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Cheerleading was recognized by the Olympics

LOUISVILLE, Ky. – Some athletes said it was a long time ago. The International Olympic Committee (IOC) voted this week on what cheerleaders already knew: Cheerleading is a sport.

What you need to know

  • The IOC voted this week to officially recognize cheerleading as a sport
  • The local athletes cheered the decision and were pleased that their hard work was finally recognized
  • Cheerleading will not be an event at the Tokyo Games
  • The IOC recently added climbing, skateboarding, and breakdancing as official sports

Ryan Claunch, a University of Louisville cheerleader, said it was a sign that “many things are about to change”.

Cheerleading is an intense sport that has attracted national attention. It’s not only competitive, but also physically demanding.

“We athletes devote our whole lives to getting great at it. Every day we work in the gym to get better,” said Claunch.

People often question cheerleading and say it’s not a sport. But if you participate like Claunch, you can tell and show you the opposite.

“We are top-class athletes and I am delighted that this type of cheerleading is finally becoming known for the athleticism we put into it,” said Claunch.

Earlier this week, the IOC committee voted to recognize cheerleading as an official Olympic sport. As Cheerleader for Team USA, Claunch has spent much of the past eight years working on reaching the next level.

“Now that the Olympics may be as good as going up, I could become an Olympic champion. You know, I’ve dreamed of becoming an Olympian all my life,” said Claunch.

While cheerleading won’t be an Olympic event at the Tokyo Games, it could be a long way. In any case, local cheerleaders like Tsugumi Takeuchi are thrilled with this advancement.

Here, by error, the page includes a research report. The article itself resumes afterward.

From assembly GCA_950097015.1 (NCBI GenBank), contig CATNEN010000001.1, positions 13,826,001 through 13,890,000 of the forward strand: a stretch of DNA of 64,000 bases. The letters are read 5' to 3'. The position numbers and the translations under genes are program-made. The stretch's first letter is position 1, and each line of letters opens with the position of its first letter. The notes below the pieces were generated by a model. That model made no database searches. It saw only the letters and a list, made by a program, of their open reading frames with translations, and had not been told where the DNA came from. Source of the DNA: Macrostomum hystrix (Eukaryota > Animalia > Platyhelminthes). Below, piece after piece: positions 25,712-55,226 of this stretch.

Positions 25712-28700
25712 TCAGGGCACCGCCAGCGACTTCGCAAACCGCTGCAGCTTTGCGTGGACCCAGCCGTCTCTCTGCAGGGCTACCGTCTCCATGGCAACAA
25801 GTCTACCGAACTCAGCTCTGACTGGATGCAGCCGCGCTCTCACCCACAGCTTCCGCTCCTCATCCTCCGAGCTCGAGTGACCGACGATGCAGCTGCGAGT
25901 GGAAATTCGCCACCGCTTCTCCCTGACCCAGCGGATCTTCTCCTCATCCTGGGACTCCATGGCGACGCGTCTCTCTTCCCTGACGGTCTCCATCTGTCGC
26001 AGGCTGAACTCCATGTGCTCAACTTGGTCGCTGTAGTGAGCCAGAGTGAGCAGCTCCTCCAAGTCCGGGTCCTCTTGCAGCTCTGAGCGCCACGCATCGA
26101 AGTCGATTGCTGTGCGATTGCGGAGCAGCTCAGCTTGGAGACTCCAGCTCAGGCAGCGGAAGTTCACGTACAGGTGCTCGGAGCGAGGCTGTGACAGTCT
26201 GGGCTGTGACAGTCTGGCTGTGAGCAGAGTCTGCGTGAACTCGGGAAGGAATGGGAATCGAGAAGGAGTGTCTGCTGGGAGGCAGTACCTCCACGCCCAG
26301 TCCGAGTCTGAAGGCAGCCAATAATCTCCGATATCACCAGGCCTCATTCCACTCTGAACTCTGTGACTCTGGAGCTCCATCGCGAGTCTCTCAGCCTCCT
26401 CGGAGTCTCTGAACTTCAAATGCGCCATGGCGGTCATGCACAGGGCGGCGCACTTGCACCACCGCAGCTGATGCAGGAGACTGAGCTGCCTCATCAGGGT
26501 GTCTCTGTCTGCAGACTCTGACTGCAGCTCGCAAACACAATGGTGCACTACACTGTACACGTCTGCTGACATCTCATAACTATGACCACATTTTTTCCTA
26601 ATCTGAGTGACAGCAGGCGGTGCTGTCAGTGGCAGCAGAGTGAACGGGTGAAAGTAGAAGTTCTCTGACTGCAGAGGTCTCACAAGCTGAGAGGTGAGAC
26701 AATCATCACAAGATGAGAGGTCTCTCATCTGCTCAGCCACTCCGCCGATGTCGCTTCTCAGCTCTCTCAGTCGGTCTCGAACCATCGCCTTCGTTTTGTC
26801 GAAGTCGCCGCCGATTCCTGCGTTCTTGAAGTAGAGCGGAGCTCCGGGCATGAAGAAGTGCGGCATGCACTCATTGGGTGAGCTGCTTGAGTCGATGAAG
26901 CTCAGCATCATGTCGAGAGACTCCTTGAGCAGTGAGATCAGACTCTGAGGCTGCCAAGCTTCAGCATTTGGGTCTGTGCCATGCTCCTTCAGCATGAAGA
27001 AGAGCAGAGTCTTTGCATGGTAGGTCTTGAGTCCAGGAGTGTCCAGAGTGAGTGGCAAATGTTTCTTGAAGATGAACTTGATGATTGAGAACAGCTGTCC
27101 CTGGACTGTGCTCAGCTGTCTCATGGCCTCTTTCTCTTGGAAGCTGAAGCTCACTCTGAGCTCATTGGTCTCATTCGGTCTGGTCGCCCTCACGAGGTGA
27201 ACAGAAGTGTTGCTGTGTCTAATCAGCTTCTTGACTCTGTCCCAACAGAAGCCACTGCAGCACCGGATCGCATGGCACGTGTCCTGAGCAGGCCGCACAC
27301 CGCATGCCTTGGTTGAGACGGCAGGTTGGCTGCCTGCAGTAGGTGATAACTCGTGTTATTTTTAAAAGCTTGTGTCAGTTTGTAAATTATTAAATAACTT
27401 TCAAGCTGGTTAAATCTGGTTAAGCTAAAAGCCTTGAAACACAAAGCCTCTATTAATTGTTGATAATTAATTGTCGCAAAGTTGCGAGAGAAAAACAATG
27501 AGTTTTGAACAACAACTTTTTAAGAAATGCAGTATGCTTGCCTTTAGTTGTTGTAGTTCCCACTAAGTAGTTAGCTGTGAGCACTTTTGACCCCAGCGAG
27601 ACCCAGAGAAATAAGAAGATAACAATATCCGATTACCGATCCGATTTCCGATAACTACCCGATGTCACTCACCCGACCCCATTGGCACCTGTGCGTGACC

“People are finally realizing how difficult this sport is and how it should be recognized, so it was very exciting,” said Takeuchi.

The 16-year-old was selected to compete on the U.S. junior all-girl team this year, and she said the committee’s decision only validates the hard work they are doing.

“It takes a full year to prepare and it’s only 2 minutes and 30 seconds, but we take all year to make sure that 2 minutes and 30 seconds is the best we can get,” added Takeuchi.

Cheerleading has long overdue recognition at the Olympics.

Misty Hodges, head coach of Louisville’s all-girl cheerleaders and co-owner of GymTyme, said it was a complicated sport.

“You see the different types of cheerleading and you can see what stunts, pyramids, basketball throws actually entail.

The former Team USA coach is delighted with the latest recognition on a global scale. Hodges hopes this will bring her sport into higher discussion for future generations.

“As with any Olympic year where kids see all the amazing opportunities, that’s what they’re going to want to try,” Hodges said.

As these athletes keep jumping up, they are another stunt to stand on the Olympic podium one day.

“Our hope is to be there. They know that in a way we want to set ourselves apart in order to build champions from the ground up,” said Hodges.

The IOC recently added climbing, skateboarding and breakdancing as official sports. The University of Kentucky cheerleading program has won 24 championships.

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